My summer has also taken me to Napa for the first time (not the last, I hope), Park City, Utah, where I was eaten alive by bugs – no lie, Boston, my old stomping ground, and home. I’ve been lucky to get around a bit. And even luckier to have a place to return. Not everyone has that, you know – a home. Mine is filled with love. And a ghost. I embrace it all.

 

Speaking of Miss Harmon, she asserted herself a couple of months ago. Mister said something or other about how her ghost had not been around for a while. I told him she’d popped up a few weeks prior and relayed the following tale. I was entering the front parlor, and the glass door that closes off that room was open, but not fully (it was away from the wall). I found that odd, and proceeded to close it. Or at least I tried. The door stopped about a foot and a half from the wall. As it’s clear glass, I could see there was nothing blocking the path. I leaned into it, putting my full weight behind it, and still nothing happened. That’s when I said, “Damn it, Miss Harmon! If you want to hide some place, pick a better spot than behind a glass door!” Immediately, the door opened fully and that was that. I think she just needed some acknowledgement. She got it and we all moved on.

 

There’s a few weeks of summer left, folks. Sure – school for the kids has resumed (mostly), and vacations have primarily come and gone. Personally, I’ve got some projects coming up, as well as ongoing commitments and responsibilities. That’s life. For most of us. We’re doing alright, really. Remembering that kind of helps to trigger a smile here and there. Compassion is activated, too. For me, I know that I got to live another summer. Not even one is guaranteed, so I’ll take it. Even if the next few weeks are as hot as Satan’s Butthole, I’ll take it. I may not like it, but I’ll take it.

Art In (Sort Of) Public Spaces

 

 

A while back, Mister and I were in Salt Lake City to visit his sister and her husband. For those who don’t know, Salt Lake City, Utah is sort of like Austin, Texas, in that it’s “an island of blue in a sea of red.” Meaning the city itself is progressive, open-minded and full of folks who are into that. I can’t speak to the state of the state of U-tar, but Salt Lake City is pretty cool.

 

 

Anyhoo – one day we went for a stroll and Mister’s Sister pointed out a private yard full of art. It’s more of an estate, really, and everywhere you look there’s something to see.

 

 

As someone who tries to take in as much art as possible, I found some pieces interesting, and some not so much. I mean – some of the works are a bit more pedestrian than others. And I’m fairly certain I’ve seen similar pieces at my local grocery store’s parking lot.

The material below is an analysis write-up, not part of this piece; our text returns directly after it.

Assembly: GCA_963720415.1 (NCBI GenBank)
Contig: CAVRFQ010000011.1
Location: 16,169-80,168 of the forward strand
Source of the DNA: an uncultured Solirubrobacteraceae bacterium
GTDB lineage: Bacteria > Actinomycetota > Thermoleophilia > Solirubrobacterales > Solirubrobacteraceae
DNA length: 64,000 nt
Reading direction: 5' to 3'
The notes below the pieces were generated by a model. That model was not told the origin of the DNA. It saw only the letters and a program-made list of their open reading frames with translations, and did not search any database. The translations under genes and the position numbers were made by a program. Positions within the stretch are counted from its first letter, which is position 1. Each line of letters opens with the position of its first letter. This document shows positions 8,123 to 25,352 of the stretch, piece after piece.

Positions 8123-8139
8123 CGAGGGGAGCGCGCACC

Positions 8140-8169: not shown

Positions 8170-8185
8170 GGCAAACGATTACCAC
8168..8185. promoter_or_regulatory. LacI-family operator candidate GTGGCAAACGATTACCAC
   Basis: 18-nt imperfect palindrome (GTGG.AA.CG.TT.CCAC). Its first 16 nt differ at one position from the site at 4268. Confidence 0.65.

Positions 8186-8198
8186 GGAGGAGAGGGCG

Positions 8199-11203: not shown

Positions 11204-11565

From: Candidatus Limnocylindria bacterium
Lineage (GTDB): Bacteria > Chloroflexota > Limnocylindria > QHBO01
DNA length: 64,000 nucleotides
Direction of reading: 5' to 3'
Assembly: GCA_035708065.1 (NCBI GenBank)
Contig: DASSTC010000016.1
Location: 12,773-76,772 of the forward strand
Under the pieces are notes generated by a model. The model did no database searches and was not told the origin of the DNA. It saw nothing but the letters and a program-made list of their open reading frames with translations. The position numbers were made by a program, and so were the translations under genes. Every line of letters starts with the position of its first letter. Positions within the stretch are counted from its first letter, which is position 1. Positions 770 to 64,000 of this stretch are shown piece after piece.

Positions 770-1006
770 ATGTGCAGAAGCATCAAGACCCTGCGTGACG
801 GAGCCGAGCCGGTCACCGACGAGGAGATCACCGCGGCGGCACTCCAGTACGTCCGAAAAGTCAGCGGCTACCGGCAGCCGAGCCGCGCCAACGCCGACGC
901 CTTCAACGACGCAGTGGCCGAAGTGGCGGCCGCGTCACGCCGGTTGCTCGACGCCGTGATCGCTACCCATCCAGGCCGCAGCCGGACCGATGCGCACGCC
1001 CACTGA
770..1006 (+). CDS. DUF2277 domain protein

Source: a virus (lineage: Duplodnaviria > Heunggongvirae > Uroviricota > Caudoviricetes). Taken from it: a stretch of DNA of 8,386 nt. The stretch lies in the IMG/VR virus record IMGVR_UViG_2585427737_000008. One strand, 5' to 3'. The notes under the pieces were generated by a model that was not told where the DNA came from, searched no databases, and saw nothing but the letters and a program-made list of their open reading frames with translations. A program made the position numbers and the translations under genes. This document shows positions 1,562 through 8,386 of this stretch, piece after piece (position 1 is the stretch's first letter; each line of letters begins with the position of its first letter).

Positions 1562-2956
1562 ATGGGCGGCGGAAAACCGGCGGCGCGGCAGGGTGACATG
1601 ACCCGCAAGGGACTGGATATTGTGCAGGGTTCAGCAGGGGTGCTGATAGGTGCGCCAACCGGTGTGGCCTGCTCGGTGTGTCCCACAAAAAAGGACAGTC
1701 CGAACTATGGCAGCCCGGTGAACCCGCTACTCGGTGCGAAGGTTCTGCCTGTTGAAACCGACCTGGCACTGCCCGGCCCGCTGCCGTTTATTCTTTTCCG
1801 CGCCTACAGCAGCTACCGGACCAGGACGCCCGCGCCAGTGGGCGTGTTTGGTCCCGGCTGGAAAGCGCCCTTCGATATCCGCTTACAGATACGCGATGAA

And that’s okay. We all get to choose what we like and absolutely no one on the planet is beholden to my tastes. Other than me, I mean. And even then, sometimes it’s like I just met me or something and I don’t have an iota of a clue as to what I like or do not like. But I digress.

 

 

I super-enjoyed peering through the gate of the Salt Lake City property and seeing their art. And I love that folks display art for passersby to appreciate. For us, it didn’t even require a special outing. All it took was a stroll. Just a stretching of the old legs. And it was grand.

 

Towel Day

 

 

If you’re out and about today and you spot someone carrying a towel around with them, please don’t fret. It’s Towel Day! In honor of Mr. Douglas Adams, fans around the world carry towels on this day. (If you’d like to know more about Towel Day, click here.)

 

When Mister and I saw Douglas Adams’ grave a few years ago, it was a powerful moment. When I’ve carried a towel around with me on previous Towel Days, it’s been lovely. I think all that adds up to my definitely being a fan, then and now.

 

So yes – today I’ll be carrying a towel around as I go about my bidness. And I will probably be smiling – a lot. Out of joy. Out of appreciation. Out of preparedness. And if you’ve never read The Hitchhiker’s Guide to The Galaxy, don’t panic! And – what are you waiting for? It’s a brilliant piece of creative writing. I’m so glad Douglas Adams gave it to the world.

Thursday Memories

 

 

My desire to pare down possessions continues. (It’s been actively going on for several months, mentally going on for decades.) And as the fine people at a local charity are picking up quite a haul today, I’ve had occasion to go through some things to add to the donation. One item that ended up in the give-away box was a gardening book about Eudora Welty. Tucked in its pages, I found the pieces of paper shown above. That means I had that book with me when Mister and I traveled to Japan in the 1990s. The map is from Kyoto. The beer label, well, I don’t remember. I’m guessing I got that in Tokyo, but I’m not sure. The only things I remember for certain are taking a bullet train to Kyoto, hanging with dear friends, “The Caboose” in Tokyo (which may or may not be gone now), Mister’s odd ability to spot and understand Kanji at twenty paces and Typhoon Tom. Yep. Mister and I were stuck in the airport during a typhoon. But I digress…